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America's Waning Influence in 'The Second World'

Parag Khanna believes that America's dominant moment is over. In his new book, The Second World: Empires and Influence in the New Global Order, he argues that the 21st centruy will be dominated by three first-world superpowers: the United States, China and the European Union.

He warns of global conflict as the superpowers compete for control of energy and natural resources in regions like Eastern Europe, Latin America and the Middle East.

Each of the superpowers has a different style and different goals, Khanna says, and the U.S. would do well to learn from its savvy competitors when it comes to dealing with nations teetering precariously on the boundaries between second- and third-world.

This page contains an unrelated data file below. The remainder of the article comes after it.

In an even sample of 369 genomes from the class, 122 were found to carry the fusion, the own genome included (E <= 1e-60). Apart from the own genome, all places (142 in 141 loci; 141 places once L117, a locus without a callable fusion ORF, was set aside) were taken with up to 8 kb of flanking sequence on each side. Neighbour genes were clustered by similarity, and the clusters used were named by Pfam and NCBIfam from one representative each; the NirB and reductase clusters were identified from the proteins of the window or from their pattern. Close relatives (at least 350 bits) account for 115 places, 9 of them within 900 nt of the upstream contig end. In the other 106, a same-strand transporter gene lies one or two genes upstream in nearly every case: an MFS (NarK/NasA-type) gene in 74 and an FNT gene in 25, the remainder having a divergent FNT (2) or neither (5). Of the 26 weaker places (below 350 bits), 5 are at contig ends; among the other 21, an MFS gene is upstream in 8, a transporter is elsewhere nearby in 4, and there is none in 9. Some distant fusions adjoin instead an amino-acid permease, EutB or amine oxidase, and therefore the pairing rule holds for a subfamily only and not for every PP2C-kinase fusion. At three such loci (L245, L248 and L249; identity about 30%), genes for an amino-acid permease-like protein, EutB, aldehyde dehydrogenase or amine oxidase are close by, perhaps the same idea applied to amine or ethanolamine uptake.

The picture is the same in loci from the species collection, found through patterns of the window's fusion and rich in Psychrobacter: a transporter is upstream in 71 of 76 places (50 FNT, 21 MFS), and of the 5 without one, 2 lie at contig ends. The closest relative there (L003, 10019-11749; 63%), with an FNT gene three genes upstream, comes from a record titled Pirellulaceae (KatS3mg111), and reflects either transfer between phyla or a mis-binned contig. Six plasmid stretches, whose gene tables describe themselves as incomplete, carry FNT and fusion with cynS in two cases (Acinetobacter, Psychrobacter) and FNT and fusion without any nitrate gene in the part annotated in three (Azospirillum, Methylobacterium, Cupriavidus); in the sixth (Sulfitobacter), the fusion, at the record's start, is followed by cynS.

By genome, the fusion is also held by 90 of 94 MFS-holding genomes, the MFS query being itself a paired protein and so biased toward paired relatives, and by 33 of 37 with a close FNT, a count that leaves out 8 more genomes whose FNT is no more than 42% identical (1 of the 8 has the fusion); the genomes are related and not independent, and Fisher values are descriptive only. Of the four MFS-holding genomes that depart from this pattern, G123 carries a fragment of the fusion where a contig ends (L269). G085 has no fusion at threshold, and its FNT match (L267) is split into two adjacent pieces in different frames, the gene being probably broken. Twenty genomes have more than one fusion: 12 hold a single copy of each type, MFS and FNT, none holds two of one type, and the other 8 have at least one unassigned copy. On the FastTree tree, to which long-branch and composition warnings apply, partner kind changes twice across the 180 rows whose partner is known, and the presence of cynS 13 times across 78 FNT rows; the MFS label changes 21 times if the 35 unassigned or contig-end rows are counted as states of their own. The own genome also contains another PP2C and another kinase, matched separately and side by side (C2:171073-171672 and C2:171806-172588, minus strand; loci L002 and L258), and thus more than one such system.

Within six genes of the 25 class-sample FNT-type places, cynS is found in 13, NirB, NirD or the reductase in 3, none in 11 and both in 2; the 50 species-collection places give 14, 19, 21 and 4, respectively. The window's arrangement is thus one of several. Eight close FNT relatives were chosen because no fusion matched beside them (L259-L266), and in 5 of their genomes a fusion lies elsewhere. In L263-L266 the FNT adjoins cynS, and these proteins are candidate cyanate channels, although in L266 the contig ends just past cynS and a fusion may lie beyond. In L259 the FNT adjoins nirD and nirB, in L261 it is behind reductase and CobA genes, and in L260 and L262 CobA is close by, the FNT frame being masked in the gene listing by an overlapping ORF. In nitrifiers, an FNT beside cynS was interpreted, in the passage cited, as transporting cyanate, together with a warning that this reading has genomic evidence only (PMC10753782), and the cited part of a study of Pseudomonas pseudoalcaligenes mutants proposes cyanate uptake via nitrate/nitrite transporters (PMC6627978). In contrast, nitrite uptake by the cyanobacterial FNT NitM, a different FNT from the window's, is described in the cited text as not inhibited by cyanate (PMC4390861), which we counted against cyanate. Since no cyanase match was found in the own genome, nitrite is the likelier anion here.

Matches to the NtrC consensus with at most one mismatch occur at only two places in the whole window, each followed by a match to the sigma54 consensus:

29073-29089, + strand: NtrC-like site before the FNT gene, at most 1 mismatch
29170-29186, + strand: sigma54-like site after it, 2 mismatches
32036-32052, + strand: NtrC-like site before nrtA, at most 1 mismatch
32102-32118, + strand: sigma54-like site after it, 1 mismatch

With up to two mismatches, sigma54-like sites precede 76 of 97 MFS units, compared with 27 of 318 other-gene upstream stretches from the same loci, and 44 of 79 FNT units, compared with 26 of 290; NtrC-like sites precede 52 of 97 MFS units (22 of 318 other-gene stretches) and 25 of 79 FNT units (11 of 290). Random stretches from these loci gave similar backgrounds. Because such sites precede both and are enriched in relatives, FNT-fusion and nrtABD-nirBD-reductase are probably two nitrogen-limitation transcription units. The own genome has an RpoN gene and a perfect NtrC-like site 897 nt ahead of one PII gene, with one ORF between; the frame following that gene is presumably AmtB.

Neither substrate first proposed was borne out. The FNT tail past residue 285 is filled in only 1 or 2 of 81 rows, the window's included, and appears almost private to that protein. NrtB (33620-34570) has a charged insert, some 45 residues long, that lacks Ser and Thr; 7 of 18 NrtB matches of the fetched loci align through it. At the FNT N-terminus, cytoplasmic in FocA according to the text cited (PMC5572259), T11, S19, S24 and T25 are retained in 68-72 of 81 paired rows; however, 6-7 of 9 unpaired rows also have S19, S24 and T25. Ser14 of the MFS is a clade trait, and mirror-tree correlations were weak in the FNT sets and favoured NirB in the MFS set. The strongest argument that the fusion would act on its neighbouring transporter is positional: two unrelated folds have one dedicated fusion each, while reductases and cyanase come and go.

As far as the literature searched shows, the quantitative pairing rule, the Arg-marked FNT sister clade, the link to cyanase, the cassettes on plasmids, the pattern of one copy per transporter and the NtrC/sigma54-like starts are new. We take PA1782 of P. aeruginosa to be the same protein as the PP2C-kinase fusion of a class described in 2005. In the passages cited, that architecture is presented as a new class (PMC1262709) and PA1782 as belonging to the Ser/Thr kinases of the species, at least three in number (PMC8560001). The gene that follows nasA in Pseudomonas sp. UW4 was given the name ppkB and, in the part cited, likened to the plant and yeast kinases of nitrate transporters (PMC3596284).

The New York Times described The Second World as "rewarding simply as a primer on contemporary geopolitics. Anyone curious about the lay of the land in Algeria or Tajikistan can get answers, and a dash of local color, in Mr. Khanna's succinct chapters."

Born in India, Khanna was raised in the United Arab Emirates, the United States and Germany. He is a senior research fellow in the American Strategy Program of the New America Foundation.

This discussion of The Second World was recorded in March 2008 at the Politics and Prose bookstore in Washington, D.C.

Copyright 2022 NPR. To see more, visit https://www.npr.org.

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Neda Ulaby reports on arts, entertainment, and cultural trends for NPR's Arts Desk.